Climate Realism: Non-science, or nonsense?

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By Todd Olive, GLOBUS Editor-in-Chief

Contributions by Dr. Alastair Smith, Senior Teaching Fellow of the Global Sustainable Development Division at the University of Warwick

Editorial Note: GLOBUS, its Members, and where applicable its Guest Writers, fully support, where reasonable, and not in contravention of other conventions, or legal, ethical, or moral institutions, the expression of viewpoints opposed to that which might be construed as the ‘prevailing school of thought’.

A Preface

On Sunday 18th February, the Global Warming Policy Foundation (hence GWPF) published an abstract and set of slides for a presentation to be given the following day at the University of Warwick. This presentation, entitled “Climate Realism: Understanding Agreement & Disagreement in Climate Science,” was delivered by Dr. Benny Peiser, Director of the GWPF, to first year students of the Environmental Principles of Global Sustainable Development and Challenges of Climate Change modules.

According to the organiser of this event, Dr Alastair Smith, Senior Teaching Fellow in the Division of Global Sustainable Development at Warwick: “The pedagogical objective of this experience was to promote critical thinking and learning around the climate change agenda, by exposing students to authentic narratives that likely challenge their pre-existing assumptions”.

Given the one-sided nature of the GWPF’s own publication of the event, the purpose of this editorial is to present the challenges posed to Peiser’s implicit argument following his presentation – despite an assertion, both in the publication and lecture, that Peiser’s presentation would not be “about who is right and who is wrong”.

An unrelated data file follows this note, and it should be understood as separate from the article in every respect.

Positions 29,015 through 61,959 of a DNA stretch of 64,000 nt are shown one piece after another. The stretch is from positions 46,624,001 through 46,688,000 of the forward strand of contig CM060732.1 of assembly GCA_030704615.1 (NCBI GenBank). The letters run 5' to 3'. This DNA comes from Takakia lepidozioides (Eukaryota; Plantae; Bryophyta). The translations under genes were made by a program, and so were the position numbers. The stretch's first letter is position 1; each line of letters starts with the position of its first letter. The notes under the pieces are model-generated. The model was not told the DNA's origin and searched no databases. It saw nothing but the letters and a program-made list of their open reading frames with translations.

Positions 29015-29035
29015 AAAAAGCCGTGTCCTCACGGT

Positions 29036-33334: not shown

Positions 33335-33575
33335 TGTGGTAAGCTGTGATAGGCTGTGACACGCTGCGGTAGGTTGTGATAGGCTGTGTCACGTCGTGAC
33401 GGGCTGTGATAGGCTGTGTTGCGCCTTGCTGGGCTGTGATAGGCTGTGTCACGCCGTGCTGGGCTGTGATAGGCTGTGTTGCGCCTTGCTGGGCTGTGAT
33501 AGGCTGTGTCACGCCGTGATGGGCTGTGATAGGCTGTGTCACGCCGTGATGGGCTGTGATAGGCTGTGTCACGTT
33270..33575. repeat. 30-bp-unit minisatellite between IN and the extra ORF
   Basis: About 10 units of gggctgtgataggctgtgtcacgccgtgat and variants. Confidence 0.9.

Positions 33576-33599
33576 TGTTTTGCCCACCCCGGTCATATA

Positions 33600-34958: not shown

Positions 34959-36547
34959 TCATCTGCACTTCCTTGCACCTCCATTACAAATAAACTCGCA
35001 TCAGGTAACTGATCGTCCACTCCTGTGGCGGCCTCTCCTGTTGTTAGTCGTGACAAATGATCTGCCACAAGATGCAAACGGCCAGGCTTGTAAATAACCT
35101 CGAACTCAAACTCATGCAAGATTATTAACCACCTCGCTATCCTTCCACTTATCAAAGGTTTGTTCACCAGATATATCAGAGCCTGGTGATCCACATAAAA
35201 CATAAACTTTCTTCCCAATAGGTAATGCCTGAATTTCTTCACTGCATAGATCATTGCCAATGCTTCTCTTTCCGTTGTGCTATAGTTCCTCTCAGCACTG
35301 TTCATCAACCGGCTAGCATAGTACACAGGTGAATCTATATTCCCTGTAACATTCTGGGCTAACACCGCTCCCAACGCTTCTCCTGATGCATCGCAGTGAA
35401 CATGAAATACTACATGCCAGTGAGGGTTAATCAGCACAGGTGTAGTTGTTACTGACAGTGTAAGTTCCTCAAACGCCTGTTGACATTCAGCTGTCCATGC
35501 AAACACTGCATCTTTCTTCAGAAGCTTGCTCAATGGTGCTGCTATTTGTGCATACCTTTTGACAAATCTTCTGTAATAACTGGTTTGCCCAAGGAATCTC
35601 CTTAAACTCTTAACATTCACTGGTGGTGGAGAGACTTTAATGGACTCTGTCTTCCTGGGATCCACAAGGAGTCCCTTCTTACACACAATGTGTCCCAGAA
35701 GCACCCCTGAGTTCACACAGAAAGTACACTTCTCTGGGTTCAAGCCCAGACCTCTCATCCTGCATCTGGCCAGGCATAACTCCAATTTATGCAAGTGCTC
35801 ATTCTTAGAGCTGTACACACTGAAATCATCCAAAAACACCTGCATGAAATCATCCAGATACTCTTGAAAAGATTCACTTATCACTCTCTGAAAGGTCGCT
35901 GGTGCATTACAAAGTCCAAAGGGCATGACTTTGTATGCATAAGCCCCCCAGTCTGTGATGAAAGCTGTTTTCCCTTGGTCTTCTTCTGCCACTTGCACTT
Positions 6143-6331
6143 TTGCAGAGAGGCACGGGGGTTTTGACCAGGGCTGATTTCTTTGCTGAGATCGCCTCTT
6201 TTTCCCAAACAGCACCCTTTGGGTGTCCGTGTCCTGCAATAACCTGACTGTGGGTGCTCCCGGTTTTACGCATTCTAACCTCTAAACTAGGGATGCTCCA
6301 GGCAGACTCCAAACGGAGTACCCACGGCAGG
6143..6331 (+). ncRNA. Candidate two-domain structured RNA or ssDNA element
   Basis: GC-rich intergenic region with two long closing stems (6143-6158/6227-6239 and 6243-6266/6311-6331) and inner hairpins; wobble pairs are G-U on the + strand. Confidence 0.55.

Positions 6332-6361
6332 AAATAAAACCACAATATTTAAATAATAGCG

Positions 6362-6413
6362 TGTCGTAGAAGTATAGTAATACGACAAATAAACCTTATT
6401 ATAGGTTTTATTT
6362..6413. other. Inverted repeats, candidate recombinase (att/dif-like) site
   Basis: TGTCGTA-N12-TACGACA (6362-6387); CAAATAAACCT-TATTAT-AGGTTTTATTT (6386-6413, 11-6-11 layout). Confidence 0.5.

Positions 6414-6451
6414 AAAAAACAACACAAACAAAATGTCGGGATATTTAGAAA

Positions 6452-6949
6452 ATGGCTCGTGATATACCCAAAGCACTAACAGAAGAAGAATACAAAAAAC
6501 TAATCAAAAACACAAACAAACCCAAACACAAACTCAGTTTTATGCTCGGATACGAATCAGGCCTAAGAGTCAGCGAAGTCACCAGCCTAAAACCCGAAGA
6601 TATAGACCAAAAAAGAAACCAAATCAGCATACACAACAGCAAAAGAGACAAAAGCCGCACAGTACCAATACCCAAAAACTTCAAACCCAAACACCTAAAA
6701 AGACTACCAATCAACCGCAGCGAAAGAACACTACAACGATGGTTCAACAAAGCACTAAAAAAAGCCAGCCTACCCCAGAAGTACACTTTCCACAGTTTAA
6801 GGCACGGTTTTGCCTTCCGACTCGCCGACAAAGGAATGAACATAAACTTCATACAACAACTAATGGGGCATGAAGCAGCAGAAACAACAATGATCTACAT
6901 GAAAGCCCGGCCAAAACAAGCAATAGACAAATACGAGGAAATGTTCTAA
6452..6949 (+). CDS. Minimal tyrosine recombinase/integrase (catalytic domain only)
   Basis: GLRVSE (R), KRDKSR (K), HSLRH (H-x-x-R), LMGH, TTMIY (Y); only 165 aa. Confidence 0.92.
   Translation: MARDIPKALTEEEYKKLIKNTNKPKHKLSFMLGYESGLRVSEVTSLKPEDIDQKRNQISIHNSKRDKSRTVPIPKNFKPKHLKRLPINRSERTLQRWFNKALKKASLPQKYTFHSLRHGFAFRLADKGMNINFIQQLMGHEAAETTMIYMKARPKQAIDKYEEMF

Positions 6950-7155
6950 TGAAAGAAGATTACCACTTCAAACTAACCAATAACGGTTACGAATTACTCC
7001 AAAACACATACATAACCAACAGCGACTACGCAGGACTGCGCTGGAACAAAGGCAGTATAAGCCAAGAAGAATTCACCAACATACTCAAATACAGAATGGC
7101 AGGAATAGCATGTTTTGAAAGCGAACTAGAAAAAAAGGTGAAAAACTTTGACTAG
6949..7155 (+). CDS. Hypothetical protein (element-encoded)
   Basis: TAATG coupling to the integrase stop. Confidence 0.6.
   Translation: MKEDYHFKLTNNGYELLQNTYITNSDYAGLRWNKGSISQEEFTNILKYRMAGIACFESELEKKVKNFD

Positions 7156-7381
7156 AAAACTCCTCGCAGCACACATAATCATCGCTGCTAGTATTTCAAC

It should be noted, at this juncture, that Peiser has not sought to question scientific conclusions regarding temperature and climate change since the 1850s. Indeed, the premise of the presentation was to undermine the providence of paleo-climatic sources of  ‘proxy’ data about climate pre-modern measurement – for example, data regarding temperatures and CO2 concentrations from air trapped in ice cores buried in Antarctic ice sheets, or regarding the length of the growing season derived from the width of tree rings in ancient woodlands – and the methodology involved in modelling predictions of global temperatures, based upon different scenarios of pollutant emissions. To explore Peiser’s argument, in the limited depth provided by a PDF presentation, this correspondent recommends that you refer to the GWPF’s own publication, to avoid providing it an additional platform.

The Criticisms

Criticisms of the prevailing theory of global warming often refer to a period in history known as the ‘Medieval Warm Period’: a time between 900 CE and 1300 CE (or thereabouts – given beginning and end years differ slightly) in which, although estimations of temperature differ, it is said that various parts of the world experienced warmer than usual climatic conditions: predominantly in the North Atlantic region (Rafferty, 2014). Climate sceptics often cite the period as an example of warming without human interference – and that, therefore, predictions about future warming and its consequences may be unfounded. Peiser’s own position is that as some modelling shows historical periods to be almost as warm as the present day, such as the Medieval Warm Period, attributing modern warming to human activity could be overly reactionary.